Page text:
Make Demographic exploration a ‘piece of cake’: An app for interactive exploration of age-year specific population counts and mortality risks from the Human Mortality Database

Jon Minton introduces the Shiny app he developed for exploring mortality based on the Human Mortality Database.

This blog post introduces a web-based app I have been developing for allowing more intuitive and interactive exploration of data on population counts, and derived data on age-specific mortality hazards, from the Human Mortality Database (HMD), a joint initiative by the University of California, Berkeley, and the Max Planck Institute for Demographic Research (MPIDR) in Rostock, Germany, to provide detailed mortality data covering 40 countries The app is interactive both in terms of the populations that can be selected, and the ways in which data based on these selections can be visualised and explored.

 

The Challenge

The main challenge the app addresses is how to better use and understand the large amounts of age-year data available for any population group within the HMD. For any one population (such as Italian males or Taiwanese females), separate population counts, exposures (population counts corrected for mortality), and death counts are provided for each age in single years from birth to 109 years of age, and for up to 266 separate years (in the case of Sweden); the mean number of years’ worth of data available for a country in the HMD is 94 (median 68). This means that there are often tens of thousands of separate values for each country, gender and variable combination.

The enormity of such demographic data can easily be overwhelming. A standard approach when faced with this much data is to use it only indirectly, in the production of summary statistics, such as age-standardised mortality rates, and conditional and unconditional life expectancies. This reduces the amount of data displayed to a user by a couple of orders of magnitudes, at the cost of obscuring important patterns and features within the data, potentially leading to a distorted or only partial understanding of the specific processes which may be driving changes in the summary measures.

For example, in Scotland, life expectancy for women was 42 in 1875, 58 in 1925, and 74 in 1975, an increase of 32 years over 100 years, or around four months a year. Does that mean either that a 40 year old Scottish woman in 1875 would have been unlikely to reach her 45th birthday, or that baby girls born in 1975 (now 44 years old) can only expect to live another 30 years? In both cases the answer should be a resounding ‘no’, but for reasons that might be difficult to understand unless a deeper understanding of mortality structure, and variations in mortality hazard over the life course, and how these hazards have changed over time, has been developed. It is this deeper insight into mortality structure and dynamics that the app exists to help develop.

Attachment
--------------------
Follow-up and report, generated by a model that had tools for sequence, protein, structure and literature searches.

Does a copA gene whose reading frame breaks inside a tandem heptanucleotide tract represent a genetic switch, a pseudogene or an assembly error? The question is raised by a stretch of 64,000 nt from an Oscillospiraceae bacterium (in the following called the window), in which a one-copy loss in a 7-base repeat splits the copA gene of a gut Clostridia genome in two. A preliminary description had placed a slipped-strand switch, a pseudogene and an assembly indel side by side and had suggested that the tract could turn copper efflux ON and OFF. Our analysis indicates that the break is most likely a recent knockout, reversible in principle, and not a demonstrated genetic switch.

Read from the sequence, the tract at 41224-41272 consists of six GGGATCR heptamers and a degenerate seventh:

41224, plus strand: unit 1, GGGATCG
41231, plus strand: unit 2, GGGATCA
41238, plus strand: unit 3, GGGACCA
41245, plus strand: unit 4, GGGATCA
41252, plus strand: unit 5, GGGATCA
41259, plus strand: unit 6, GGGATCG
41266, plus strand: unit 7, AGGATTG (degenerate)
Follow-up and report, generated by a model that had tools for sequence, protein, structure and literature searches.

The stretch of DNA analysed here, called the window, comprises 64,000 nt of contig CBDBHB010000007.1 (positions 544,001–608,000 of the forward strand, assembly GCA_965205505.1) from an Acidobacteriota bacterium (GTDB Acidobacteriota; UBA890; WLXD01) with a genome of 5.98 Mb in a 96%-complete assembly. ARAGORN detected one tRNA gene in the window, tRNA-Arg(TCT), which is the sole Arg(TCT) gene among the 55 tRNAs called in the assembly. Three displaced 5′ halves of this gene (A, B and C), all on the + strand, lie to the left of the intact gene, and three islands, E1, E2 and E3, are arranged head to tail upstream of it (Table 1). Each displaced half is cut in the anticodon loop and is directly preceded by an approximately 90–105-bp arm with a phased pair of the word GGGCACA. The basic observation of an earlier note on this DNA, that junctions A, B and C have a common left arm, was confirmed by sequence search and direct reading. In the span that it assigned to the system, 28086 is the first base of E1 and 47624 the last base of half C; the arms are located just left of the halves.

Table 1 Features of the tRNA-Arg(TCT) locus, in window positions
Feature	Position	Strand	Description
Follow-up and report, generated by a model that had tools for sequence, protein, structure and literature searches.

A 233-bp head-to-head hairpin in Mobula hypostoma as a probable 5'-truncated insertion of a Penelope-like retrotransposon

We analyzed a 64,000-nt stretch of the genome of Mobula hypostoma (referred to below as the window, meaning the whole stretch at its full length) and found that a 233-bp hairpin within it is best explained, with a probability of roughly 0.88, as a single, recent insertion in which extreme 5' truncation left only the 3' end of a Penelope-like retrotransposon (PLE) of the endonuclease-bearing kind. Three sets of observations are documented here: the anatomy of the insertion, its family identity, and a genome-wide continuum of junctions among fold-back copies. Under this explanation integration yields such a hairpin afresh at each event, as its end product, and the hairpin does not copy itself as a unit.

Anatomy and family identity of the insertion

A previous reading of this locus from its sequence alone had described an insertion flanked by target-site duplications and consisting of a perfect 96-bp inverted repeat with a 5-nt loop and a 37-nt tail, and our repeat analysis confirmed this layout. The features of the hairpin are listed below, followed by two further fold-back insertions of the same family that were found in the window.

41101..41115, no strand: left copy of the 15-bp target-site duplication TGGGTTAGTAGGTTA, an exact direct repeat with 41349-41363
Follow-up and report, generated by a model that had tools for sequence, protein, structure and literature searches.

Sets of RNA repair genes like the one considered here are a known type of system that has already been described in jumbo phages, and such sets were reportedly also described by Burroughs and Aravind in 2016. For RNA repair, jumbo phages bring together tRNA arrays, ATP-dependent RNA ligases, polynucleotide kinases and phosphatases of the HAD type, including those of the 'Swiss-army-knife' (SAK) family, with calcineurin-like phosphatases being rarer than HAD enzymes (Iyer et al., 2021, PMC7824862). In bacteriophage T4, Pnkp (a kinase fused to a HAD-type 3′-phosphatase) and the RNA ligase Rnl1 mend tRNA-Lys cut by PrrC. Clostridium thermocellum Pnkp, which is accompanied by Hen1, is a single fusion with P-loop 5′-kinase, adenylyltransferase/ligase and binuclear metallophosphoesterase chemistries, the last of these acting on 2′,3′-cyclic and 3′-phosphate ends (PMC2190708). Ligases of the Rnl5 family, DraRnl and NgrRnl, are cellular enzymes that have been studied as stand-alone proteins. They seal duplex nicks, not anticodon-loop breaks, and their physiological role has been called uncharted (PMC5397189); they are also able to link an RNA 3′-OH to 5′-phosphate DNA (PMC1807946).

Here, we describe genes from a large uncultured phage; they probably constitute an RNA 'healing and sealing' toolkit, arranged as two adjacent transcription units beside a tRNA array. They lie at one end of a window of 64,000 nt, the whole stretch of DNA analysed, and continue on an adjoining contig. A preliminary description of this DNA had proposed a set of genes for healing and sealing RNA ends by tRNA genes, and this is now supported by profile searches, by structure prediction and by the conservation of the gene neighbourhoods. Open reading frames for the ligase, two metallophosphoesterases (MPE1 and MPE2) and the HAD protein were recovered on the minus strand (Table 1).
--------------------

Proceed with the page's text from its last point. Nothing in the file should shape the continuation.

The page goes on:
In the case of the 40 year old in 1875, the risk of not reaching age 41 was 137 per 10 000, and having survived to age 41, of then not reaching age 42, 141 per 10 000. This means there was around a 97% chance (i.e. (10000 – 137) / 10 000 x (10 000 – 141) / 10 000) of the 40 year old reaching that year’s reported female life expectancy of 42 years of age. The life expectancy just given was actually a relatively rare age to die at or near, sitting in the comparatively low risk ‘trough’ of middle age, between the two peaks of high infantile and elderly mortality. This relationship between mortality risk and age in 1975 is shown in the middle of the three subfigures below (Figure 1).

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Figure 1. Mortality schedules for Female, Scotland, in year 1875 and age 40

 

Similarly, the Scottish woman born in 1975 should expect to live quite a bit longer than the 75 years ‘allotted’ to her at the time, though we do not know exactly how much longer this will be. This is because the life expectancies usually reported are period life expectancies, which assume the mortality risks faced at each age remain frozen at the levels they were when you were born. But throughout recorded history this has almost never been the case; instead mortality rates at almost all ages tend to have fallen in most years, albeit at inconsistent rates, and not at the same rate for all ages. Though we cannot show what the mortality risks at older ages are for the 1975 birth cohort – as this would need a crystal ball – we can do something similar for the 1925 birth cohort, whose mortality risks in that year were such that her (period) life expectancy was just 58 years of age. The middle subfigure below shows the mortality risk profile with age in the year 1925, and the right subfigure shows the mortality risk profile actually experienced by the 1925 birth cohort (Figure 2).

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Figure 2. Mortality schedules for Female, Scotland, in year 1925 and age 0

 

We can see from this that the mortality age profile actually experienced was different to that in the year 1925. Although this cohort experienced a jump in deaths in early adulthood, due to becoming adults during the Second World War, the mortality-age schedule after the war was somewhat ‘gentler’ than that of the 1925 mortality-age profile snapshot of the middle subfigure. For example, the period schedule shows women facing a 1% risk of dying in the next 12 months at age 50, whereas the cohort actually experienced this risk at age 57; similarly, a 5% risk of dying was ‘postponed’ from around age 70 to 79 years, and so on.

 

The Solution

Both the general problem – of how to build up an intuitive and broad sense of mortality structure and change over time – and the specific statistics listed above, are addressed by the app, which aims to present the tens of thousands of numbers in the HMD, for each individual country and gender, in ways that works to human strengths rather than limitations. People are readily able to process and make decisions about large amounts of complex visual and structural information all the time, as the billions of people able to drive cars and not walk into walls (for example) readily demonstrates.